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Soccer Rules Changes 1580-2000


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Question Number: 33955

Mechanics 7/4/2020

RE: Professional

Fidel Jaary of Auckland, Auckland New Zealand asks...

Hi There,

Does the referee need to keep his hand raised when an offside happens, and the ball played and touched by another player, i had seen some referees do raise their hands to indicate an offside and then drop it.

Answer provided by Referee Peter Grove

Hi Fidel,
To be precise, the referee does not raise the arm to indicate offside - the referee raises the arm to indicate that a free kick is indirect. IFK's are awarded for a number of different offences, not just for offside offences and the referee must raise the arm for all of them.

When an indirect free kick is awarded (including when it is for an offside offence) Law 13 states that:

"The referee indicates an indirect free kick by raising the arm above the head: this signal is maintained until the kick has been taken and the ball touches another player, goes out of play or it is clear that a goal cannot be scored directly."

So the referee does not need to maintain the indirect free kick signal until the ball touches another player, they can lower the arm as soon as it is clear a goal cannot be scored directly (which sometimes will be as soon as the kick is taken) or the ball goes out of play.



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Answer provided by Referee Joe McHugh

Hi Fidel
The raised arm signal is used to indicate an indirect free kick just before the kick is taken.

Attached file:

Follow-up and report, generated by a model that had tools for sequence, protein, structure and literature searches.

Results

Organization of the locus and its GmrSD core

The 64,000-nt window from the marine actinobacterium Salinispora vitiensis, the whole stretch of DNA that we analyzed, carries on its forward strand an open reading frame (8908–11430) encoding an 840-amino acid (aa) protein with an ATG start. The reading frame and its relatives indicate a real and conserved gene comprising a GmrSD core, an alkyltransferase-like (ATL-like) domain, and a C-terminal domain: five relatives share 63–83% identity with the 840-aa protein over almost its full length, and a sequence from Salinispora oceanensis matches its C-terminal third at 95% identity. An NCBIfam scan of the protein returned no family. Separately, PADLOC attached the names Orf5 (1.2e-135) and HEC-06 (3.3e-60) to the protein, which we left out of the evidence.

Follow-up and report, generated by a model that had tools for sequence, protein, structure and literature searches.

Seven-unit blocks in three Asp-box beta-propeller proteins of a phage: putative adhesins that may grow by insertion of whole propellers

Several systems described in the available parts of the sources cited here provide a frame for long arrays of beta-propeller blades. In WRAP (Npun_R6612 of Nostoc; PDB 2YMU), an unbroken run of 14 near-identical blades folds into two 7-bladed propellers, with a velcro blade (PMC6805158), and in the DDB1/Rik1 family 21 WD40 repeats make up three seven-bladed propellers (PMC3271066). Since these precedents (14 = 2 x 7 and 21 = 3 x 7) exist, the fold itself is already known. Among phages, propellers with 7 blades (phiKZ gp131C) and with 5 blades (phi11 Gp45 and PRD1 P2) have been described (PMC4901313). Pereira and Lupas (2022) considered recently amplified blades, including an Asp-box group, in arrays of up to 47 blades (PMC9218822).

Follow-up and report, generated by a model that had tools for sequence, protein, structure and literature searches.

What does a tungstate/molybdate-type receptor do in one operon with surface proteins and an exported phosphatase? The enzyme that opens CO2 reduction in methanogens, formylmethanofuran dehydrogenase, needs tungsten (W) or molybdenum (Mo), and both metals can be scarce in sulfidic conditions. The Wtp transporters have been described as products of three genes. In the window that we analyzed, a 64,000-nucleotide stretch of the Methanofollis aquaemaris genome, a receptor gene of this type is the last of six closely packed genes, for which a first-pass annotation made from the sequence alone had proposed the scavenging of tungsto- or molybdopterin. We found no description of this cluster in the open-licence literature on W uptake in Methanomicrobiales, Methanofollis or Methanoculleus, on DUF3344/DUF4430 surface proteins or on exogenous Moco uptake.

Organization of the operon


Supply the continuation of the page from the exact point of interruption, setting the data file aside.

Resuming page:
On offside in the past the advice was to keep the arm raised until it touched another player after the free kick was taken.
That really made little sense in the majority of cases so the Law was amended recently to its current wording which now allows for the referee to drop his arm when it is clear that a goal cannot be scored directly.
So let us say on an offside IDFK and the ball is destined to drop well short of the penalty area then the arm is dropped. Most referees will be well able to judge the drop area of the ball.
I would also say that in all my years of playing and refereeing I never once saw an offside IDFK come close to scoring directly and even if that was the case how many players involved in play are watching the referee for a continued signal. They will see it before the kick and then focus on play.
So the advice is to that the arm must be kept up until after the kick is taken and as outlined by Referee Grove.
Finally at a free kick close to goal it is a vital signal and I would keep it up until after the goal is scored or it has touched another player or it goes wide. As there is a chance of a goal being scored directly it is vital that there is no confusion about the arm signal.
I hope that helps





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